I am a faithful, practicing Catholic. I was a little more new age and rebellious at the time I read this book. So, I can't recommend a book that goes sometimes against our Catholic faith. But one quote from Eckhart Tolle continues to come to my mind a lot.
He says that if you listen to people's stories, the stories they tell themselves, they could almost all be entitled, "Why I Cannot Be at Peace Now."
I have found this to be true, and often true of myself. It's a good warning. It also lines up with cognitive behavioral therapy, which tells us that trauma happens to us, not just in events, but in our reaction and response to the events. We often re-traumatize ourselves by re-playing situations, growing our outrage. We criticize and complain with no healthy end, no goal in mind. And "letting off steam" in a vague way like that tends to have the opposite effect desired - it makes things worse.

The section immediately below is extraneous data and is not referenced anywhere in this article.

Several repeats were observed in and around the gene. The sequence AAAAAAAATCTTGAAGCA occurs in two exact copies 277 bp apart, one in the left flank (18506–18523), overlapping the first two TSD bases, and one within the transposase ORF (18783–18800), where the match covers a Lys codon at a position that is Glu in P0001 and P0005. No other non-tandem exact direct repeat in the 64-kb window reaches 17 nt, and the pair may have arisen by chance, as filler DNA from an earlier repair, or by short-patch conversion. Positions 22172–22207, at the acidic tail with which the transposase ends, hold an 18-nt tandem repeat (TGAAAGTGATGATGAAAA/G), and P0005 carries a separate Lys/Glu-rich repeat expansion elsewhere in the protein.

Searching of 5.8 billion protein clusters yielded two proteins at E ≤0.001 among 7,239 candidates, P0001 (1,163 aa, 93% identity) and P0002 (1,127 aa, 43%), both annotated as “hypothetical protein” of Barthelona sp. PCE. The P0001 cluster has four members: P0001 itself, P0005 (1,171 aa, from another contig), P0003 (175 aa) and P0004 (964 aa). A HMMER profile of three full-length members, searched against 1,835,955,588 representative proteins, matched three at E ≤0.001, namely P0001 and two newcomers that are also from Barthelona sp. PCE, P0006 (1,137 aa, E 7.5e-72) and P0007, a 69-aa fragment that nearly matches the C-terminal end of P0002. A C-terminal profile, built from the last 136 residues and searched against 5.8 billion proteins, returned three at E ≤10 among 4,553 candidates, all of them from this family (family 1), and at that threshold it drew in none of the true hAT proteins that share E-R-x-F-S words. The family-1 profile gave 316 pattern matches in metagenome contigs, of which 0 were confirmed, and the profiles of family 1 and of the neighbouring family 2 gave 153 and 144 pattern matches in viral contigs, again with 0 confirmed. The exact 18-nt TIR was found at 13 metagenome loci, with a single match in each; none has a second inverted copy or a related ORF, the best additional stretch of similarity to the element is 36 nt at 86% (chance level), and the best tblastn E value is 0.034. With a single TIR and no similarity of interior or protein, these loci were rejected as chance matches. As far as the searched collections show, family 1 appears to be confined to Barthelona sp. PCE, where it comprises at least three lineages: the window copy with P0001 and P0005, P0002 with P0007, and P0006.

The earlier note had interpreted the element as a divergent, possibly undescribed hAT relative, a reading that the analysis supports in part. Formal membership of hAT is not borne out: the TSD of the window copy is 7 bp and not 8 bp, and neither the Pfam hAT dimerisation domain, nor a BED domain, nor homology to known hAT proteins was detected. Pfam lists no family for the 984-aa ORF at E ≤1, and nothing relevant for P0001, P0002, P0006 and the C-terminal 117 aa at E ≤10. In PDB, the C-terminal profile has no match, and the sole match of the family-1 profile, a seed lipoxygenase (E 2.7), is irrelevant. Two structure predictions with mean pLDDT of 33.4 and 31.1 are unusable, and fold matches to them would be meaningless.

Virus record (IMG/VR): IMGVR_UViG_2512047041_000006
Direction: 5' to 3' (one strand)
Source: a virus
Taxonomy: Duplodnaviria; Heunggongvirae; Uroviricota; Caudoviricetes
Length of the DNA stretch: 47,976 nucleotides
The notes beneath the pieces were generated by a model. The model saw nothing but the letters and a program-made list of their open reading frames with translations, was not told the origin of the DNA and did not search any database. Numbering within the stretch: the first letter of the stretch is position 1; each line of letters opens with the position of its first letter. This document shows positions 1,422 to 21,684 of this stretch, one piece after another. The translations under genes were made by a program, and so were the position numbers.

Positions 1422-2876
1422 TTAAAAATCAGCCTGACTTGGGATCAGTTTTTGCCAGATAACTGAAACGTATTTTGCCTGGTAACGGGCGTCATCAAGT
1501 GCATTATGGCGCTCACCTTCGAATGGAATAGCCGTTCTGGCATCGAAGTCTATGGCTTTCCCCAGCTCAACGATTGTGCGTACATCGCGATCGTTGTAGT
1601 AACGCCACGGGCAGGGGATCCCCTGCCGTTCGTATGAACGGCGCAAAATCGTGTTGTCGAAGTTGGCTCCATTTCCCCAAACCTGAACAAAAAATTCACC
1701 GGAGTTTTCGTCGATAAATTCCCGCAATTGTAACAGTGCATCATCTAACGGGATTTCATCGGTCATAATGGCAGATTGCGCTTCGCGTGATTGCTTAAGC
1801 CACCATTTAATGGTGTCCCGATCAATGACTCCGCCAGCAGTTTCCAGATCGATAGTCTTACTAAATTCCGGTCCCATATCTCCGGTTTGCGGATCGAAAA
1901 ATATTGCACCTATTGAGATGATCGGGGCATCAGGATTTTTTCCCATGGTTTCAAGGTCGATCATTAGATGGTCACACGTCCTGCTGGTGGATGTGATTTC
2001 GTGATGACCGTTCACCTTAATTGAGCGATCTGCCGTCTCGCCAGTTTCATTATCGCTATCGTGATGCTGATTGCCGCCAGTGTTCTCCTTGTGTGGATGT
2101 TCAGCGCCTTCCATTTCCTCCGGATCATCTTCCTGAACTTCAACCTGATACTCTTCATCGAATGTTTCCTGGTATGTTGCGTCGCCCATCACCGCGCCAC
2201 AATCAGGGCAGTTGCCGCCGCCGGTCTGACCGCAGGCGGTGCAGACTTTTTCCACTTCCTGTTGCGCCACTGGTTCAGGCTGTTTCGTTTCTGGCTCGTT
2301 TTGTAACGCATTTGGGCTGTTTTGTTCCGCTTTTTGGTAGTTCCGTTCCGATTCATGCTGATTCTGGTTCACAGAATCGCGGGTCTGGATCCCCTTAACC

I have compassion on others. I try to listen deeply. I also try to be very careful about the words I speak. I think there is much wisdom in recognizing the stories we tell ourselves. Are we telling ourselves that happiness, peace, love, kindness, etc. are somewhere in the future because of circumstances beyond our control? In truth, they are waiting for us here - in the present moment - even with all of its imperfections. It's our choice to see the good, to embrace reality, to accept what is. It's very hard, and it's a battle I continue to fight.
One of my favorite quotes from Viktor Frankl reminds us of our ultimate freedom to choose how we respond to life:
“Everything can be taken from a man but one thing: the last of the human freedoms—to choose one’s attitude in any given set of circumstances, to choose one’s own way.”